How Is Abt Helping to Reduce Homelessness among America’s Veterans?
With conflicts ranging from World War II to Iraq and Afghanistan, there are nearly 22 million veterans in America today. These veterans generally return home with higher rates of Post-Traumatic Stress Disorder (PTSD), traumatic brain injury, mental illness, and substance abuse issues than non-veterans. All of these factors put veterans at greater risk for homelessness.
"This year is a proof of concept moment in the fight to prevent and end homelessness. Our progress with veterans will lead the way as we turn to ending homelessness for others."
— Tom Albanese, Senior Associate and project director for Abt’s SSVF technical assistance and program monitoring work
The Obama administration made eradicating homelessness a national priority, and, in 2010, developed and launched the first national comprehensive strategy to prevent and end homelessness among veterans and beyond. The plan, called Opening Doors, aims to achieve a “functional end” to homelessness among veterans in the United States by the end of 2015, chronic homelessness by the end of 2016, and homelessness among families and youth by 2020.
Abt Associates is working with the U.S. Department of Veterans Affairs’ (VA) Supportive Services for Veteran Families (SSVF) program to help get veterans who are experiencing homelessness and their families into permanent housing as quickly as possible.
“Through the SSVF program, the VA provides millions of dollars in grants to hundreds of non-profits who provide supportive services to low-income and homeless veterans and their families,” said Tom Albanese, Senior Associate and project director for Abt’s SSVF technical assistance and program monitoring work.
Abt’s Role in the Fight to End Veteran Homelessness
Abt, working in partnership with the Technical Assistance Collaborative (TAC), is providing technical assistance to increase SSVF grantees’ ability to establish and operate successful supportive service programs for veteran families who are either homeless or about to lose their housing. The two have developed a high quality, comprehensive core curriculum that serves as a strong foundation for program development, operations and program improvement.
America’s 22 million veterans are at higher risk of homelessness than other Americans. Recently, the U.S. Veteran’s Administration announced nearly $300 million in grants to help approximately 115,000 homeless and at-risk veterans and their families.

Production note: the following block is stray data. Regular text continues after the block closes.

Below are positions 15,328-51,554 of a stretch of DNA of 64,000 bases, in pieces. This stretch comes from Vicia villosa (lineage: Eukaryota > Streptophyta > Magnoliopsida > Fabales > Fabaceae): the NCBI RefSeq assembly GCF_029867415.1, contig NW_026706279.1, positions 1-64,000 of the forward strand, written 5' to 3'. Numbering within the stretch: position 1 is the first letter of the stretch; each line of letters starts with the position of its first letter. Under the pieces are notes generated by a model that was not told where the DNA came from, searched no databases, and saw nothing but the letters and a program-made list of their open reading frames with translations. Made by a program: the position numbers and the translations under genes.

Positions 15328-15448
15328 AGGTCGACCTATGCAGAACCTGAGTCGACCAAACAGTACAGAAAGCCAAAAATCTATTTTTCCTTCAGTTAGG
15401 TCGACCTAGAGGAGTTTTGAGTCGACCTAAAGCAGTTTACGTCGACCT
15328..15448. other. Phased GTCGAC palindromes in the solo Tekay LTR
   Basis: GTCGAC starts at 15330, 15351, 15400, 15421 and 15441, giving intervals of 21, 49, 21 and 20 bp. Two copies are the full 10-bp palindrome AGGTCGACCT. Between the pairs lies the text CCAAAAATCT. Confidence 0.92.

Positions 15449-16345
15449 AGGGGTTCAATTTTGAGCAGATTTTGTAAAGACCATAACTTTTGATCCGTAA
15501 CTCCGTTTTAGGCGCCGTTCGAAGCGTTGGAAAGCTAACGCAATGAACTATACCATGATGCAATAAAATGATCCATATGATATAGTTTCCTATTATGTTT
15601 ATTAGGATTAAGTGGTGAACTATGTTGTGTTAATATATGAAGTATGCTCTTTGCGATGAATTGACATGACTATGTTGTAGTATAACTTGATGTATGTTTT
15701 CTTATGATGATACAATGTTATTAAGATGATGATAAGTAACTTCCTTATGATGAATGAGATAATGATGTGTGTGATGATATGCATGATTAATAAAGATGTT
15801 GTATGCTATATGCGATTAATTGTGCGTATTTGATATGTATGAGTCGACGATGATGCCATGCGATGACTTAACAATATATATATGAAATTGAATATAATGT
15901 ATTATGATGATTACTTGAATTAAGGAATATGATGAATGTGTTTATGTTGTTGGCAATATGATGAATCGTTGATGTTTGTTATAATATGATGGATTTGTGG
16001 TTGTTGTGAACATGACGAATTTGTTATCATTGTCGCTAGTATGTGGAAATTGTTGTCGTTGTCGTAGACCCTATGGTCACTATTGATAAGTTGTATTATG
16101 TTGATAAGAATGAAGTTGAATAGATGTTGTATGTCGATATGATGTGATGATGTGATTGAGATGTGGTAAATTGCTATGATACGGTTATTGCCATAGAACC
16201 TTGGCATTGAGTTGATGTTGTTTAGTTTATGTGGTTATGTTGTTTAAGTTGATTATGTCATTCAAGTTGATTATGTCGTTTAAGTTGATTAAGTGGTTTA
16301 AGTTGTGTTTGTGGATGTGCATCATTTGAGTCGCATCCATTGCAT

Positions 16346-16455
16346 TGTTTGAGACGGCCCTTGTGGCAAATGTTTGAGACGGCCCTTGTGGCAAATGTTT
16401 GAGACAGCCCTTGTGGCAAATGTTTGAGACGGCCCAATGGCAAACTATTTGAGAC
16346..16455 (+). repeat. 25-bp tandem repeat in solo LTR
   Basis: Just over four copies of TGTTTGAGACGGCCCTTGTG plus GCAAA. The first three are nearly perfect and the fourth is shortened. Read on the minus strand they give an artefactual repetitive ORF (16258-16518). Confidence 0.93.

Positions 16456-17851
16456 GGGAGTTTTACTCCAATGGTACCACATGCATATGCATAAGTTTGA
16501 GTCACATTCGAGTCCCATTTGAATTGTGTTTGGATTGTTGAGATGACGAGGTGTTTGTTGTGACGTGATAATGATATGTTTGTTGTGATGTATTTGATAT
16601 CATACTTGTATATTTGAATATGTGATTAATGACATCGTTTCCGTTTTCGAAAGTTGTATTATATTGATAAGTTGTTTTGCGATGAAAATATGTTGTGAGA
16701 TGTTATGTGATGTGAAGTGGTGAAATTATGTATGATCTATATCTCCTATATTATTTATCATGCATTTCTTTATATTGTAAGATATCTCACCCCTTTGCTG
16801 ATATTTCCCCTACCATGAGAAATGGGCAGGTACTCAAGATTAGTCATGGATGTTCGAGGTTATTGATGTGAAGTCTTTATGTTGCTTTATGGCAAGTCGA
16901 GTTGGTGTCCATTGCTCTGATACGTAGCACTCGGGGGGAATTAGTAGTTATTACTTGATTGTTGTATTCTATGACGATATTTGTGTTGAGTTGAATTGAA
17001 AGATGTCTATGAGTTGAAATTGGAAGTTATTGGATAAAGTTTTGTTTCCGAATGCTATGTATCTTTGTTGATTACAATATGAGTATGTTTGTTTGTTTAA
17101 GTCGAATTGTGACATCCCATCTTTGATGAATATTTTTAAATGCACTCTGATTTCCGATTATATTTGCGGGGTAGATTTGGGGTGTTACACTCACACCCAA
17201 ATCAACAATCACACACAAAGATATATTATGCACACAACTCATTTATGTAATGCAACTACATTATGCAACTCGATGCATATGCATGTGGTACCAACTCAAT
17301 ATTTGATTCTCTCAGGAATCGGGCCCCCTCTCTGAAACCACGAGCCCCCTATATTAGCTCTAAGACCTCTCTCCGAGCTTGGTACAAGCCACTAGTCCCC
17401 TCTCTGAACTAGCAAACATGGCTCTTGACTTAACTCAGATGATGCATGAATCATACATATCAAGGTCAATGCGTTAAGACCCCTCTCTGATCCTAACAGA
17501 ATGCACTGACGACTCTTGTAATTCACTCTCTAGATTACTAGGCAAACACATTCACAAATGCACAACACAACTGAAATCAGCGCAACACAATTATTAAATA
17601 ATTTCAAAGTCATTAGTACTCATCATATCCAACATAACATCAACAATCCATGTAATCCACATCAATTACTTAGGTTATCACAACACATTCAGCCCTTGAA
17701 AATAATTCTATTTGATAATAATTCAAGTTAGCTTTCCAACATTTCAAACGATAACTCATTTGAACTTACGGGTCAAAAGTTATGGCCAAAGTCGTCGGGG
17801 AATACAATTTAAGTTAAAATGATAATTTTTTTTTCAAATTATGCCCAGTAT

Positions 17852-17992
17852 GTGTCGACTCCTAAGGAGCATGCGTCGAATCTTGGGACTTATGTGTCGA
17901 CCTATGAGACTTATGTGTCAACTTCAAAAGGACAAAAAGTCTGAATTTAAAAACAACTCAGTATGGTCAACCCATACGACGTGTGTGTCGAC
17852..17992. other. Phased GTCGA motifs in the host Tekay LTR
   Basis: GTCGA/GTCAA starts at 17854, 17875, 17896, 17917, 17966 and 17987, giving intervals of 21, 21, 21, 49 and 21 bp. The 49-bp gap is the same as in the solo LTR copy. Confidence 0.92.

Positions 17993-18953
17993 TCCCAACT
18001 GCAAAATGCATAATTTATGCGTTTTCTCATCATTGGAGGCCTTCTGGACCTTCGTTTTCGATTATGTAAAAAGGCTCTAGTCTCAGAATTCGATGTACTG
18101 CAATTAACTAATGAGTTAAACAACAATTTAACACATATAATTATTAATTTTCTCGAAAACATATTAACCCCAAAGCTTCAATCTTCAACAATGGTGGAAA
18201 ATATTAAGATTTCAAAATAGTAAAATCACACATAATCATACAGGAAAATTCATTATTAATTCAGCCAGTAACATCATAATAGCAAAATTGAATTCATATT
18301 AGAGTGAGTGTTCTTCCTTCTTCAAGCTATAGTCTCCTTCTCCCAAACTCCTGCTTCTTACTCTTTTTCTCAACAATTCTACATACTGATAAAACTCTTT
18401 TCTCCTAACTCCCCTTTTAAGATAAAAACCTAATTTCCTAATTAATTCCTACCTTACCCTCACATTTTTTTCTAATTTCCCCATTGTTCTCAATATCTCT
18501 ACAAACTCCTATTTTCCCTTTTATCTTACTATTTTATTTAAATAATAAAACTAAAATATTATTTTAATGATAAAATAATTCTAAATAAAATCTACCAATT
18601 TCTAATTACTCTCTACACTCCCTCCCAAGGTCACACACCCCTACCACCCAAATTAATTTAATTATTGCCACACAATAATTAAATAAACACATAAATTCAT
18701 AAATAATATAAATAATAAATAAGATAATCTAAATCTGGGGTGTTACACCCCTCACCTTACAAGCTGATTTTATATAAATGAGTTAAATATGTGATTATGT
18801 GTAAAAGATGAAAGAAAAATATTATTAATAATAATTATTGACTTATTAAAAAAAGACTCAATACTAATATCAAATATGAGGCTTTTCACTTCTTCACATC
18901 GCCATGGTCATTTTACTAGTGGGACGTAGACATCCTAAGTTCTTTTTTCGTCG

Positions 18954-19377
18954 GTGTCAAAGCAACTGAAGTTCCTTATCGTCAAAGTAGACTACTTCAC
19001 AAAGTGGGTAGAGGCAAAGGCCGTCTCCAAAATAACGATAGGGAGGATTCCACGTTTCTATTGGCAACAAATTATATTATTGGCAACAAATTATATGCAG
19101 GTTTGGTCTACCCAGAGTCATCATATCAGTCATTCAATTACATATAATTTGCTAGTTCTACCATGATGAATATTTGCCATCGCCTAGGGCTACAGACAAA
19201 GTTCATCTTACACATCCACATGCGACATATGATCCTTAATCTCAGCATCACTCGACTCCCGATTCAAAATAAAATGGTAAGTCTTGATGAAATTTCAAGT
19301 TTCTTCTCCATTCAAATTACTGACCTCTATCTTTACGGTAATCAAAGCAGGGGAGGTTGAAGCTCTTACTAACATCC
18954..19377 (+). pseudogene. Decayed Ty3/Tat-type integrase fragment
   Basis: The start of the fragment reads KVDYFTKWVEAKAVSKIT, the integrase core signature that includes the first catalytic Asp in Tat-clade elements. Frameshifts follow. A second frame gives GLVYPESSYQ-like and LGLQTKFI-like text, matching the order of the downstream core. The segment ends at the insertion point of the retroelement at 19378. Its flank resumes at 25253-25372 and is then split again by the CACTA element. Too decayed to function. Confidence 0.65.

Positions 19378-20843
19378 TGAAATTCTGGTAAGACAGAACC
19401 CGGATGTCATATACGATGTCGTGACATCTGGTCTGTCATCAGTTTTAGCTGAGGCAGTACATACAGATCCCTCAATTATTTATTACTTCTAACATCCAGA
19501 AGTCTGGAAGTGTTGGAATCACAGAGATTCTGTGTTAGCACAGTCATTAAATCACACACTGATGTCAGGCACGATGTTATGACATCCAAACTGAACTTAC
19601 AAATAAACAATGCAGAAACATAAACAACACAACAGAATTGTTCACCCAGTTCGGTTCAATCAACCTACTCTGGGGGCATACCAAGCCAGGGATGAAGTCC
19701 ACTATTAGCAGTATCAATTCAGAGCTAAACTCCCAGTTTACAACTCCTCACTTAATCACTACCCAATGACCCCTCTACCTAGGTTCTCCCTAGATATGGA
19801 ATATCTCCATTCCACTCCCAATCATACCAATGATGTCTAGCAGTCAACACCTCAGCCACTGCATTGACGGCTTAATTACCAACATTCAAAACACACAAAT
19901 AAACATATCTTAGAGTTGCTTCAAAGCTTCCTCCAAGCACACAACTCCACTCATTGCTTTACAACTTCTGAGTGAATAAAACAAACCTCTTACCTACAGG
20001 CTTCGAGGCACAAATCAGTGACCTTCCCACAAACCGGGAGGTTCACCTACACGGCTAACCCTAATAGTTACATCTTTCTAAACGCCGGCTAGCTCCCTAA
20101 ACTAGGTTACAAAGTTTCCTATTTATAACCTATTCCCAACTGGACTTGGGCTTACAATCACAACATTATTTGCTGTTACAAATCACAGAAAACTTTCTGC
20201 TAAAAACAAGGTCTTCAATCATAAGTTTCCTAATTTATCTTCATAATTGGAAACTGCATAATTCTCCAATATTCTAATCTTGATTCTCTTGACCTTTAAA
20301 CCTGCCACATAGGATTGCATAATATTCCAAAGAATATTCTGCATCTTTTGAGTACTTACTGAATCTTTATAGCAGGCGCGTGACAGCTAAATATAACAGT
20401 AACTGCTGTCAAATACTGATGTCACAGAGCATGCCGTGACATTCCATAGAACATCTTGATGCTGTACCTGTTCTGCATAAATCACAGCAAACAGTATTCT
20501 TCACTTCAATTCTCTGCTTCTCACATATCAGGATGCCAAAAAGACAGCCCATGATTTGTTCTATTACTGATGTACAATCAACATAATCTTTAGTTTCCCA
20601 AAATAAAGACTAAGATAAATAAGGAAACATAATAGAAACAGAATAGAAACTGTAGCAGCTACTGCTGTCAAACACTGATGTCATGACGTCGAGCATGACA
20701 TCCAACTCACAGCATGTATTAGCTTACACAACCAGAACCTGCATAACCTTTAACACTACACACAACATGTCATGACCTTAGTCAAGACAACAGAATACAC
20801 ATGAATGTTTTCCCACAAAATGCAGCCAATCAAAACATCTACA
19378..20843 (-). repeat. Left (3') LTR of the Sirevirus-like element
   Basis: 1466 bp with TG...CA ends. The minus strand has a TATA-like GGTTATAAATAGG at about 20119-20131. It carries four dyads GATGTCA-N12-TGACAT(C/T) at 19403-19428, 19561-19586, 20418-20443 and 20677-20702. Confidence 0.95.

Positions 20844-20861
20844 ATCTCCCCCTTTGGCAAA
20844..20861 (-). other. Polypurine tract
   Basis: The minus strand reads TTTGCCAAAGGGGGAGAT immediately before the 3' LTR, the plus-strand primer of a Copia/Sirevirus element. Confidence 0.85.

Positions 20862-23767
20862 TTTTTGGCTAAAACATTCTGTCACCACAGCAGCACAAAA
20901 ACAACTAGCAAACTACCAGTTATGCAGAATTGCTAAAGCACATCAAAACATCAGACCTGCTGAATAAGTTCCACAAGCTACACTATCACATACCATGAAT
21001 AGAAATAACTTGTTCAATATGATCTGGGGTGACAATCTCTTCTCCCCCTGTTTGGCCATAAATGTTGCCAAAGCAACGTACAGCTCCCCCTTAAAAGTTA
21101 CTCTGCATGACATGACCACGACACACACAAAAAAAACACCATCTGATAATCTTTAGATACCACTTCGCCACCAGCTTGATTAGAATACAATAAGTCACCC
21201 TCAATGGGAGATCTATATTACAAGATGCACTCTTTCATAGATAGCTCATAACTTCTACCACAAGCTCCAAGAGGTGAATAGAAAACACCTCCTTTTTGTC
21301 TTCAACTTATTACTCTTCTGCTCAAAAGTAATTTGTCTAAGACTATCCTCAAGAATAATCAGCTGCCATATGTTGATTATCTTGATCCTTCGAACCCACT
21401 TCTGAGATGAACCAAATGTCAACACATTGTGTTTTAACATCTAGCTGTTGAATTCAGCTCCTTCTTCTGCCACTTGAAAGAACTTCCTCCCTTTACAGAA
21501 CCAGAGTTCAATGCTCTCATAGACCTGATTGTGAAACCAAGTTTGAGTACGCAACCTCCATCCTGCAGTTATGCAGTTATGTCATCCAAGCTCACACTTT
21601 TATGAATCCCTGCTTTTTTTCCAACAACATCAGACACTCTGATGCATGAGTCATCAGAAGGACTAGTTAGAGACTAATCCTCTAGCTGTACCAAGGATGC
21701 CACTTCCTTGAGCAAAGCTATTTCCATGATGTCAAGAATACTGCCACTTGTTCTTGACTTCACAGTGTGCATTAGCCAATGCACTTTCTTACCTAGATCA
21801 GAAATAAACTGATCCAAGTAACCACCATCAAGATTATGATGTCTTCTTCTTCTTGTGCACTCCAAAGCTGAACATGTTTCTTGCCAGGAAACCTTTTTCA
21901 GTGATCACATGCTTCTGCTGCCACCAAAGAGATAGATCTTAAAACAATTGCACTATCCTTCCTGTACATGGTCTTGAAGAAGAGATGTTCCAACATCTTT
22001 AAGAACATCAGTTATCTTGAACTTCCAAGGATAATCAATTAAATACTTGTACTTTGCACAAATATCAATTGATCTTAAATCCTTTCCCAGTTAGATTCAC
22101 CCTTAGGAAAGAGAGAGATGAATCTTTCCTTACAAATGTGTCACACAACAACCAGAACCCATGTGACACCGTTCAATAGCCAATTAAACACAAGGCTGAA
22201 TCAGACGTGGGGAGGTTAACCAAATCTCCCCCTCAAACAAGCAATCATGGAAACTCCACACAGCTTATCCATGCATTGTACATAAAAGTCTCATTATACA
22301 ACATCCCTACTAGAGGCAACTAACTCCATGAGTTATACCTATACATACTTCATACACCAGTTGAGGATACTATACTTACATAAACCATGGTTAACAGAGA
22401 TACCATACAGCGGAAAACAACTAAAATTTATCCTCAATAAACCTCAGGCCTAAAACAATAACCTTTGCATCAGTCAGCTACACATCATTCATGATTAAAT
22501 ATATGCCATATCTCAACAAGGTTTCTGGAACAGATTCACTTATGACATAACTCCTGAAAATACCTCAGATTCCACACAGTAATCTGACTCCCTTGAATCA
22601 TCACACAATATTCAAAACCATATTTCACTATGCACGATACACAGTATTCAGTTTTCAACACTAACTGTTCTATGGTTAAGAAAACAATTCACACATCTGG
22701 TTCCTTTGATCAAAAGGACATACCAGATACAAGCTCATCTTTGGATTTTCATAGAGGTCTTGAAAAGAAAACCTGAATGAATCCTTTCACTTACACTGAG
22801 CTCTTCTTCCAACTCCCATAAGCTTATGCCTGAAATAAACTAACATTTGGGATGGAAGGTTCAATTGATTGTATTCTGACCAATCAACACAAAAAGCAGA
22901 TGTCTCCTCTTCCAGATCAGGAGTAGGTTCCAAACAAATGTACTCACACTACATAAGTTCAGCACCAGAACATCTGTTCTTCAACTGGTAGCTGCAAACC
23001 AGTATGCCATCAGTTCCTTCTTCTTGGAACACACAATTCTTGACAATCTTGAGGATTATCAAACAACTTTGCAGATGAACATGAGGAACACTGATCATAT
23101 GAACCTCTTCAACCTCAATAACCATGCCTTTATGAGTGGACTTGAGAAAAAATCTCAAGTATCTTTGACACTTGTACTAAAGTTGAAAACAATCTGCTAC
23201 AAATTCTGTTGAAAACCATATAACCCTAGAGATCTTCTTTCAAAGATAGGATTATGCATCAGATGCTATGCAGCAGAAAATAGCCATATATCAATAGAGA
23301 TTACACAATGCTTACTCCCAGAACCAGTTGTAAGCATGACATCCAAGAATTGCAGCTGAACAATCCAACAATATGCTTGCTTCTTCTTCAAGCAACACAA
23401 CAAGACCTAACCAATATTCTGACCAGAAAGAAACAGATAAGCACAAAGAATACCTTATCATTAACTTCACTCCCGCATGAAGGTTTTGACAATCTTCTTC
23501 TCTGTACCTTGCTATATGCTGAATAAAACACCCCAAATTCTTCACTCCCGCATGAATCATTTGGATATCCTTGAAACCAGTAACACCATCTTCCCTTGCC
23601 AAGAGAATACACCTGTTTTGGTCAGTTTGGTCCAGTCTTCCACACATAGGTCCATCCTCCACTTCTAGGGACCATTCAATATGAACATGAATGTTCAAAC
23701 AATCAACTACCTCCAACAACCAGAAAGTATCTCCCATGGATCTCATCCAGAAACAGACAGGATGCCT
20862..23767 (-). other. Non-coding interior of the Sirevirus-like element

Abt also works with Atlas Research LLC to help monitor the performance of SSVF grantees, leading the annual SSVF program evaluation that documents grantee performance and nationwide progress. This report is shared with Congress and is used to guide program quality and performance improvements.
The State of Homelessness Among America’s Veterans
In addition to the work with the VA, Abt works closely with government clients around the issue of homelessness and produces a two-part Annual Homeless Assessment Report (AHAR) to Congress on behalf of the U.S. Department of Housing and Urban Development. The most recent AHAR report details the results of a point-in-time count of people experiencing homelessness on a single night in January of 2014, and includes veterans and their families.
Abt’s report found that veteran homelessness dropped by 10 percent between 2013 and 2014, the steepest decline since 2010 to 2011, which saw a drop of 12 percent. Since the release of Opening Doors, the number of homeless veterans has declined by 33 percent.
The Obama administration made eradicating homelessness a national priority and, in 2010, developed and launched the first national comprehensive strategy to prevent and end homelessness among veterans and beyond.
As part of this effort, Abt Associates is working with the U.S. Department of Veterans Affairs’ (VA) Supportive Services for Veteran Families (SSVF) program to help get veterans who are experiencing homelessness and their families into permanent housing as quickly as possible.
“Our AHAR report is welcome news in the battle to fight veteran homelessness,” said Abt Principal Associate Dr. Alvaro Cortes, who led the study on behalf of Abt Associates. “It shows significant progress toward the goal of ending homelessness, especially among veterans and those experiencing chronic homelessness.”
The Outlook for Tomorrow
In September of 2014 and then in March of 2015, the VA announced two rounds of awards of nearly $300 million in SSVF three-year “surge” grants that will help approximately 115,000 homeless and at-risk veterans and their families. The grants have been distributed to grantees in 71 non-profit agencies in 71 high priority communities with the largest number of homeless veterans. Surge funding was awarded on top of the $300 million in renewal funding for grantees this year, serving all 50 states, the District of Columbia, and most U.S. Territories. As part of the surge funding, an additional $30 million in awards have been distributed to grantees in the Los Angeles area.
“Los Angeles might be considered ‘Ground Zero’ in our work to end homelessness among veterans. The 2015 point-in-time count found that it had the largest number of homeless veterans in the nation,” Albanese said. “The specific focus on Los Angeles, as well as other high priority communities, will help grantees as they fight to ensure that no veteran is left behind.”
Through the remainder of 2015, Abt and its partners at the VA and TAC are stepping up efforts to assist all communities in their effort to end homelessness among veterans. Planning tools, guidance, training and direct technical assistance are being offered to help grantees and their local partners.
“This year is a proof of concept moment in the fight to prevent and end homelessness,” Albanese said. “Our progress with veterans will lead the way as we turn to ending homelessness for others.”
Read more about the SSVF program.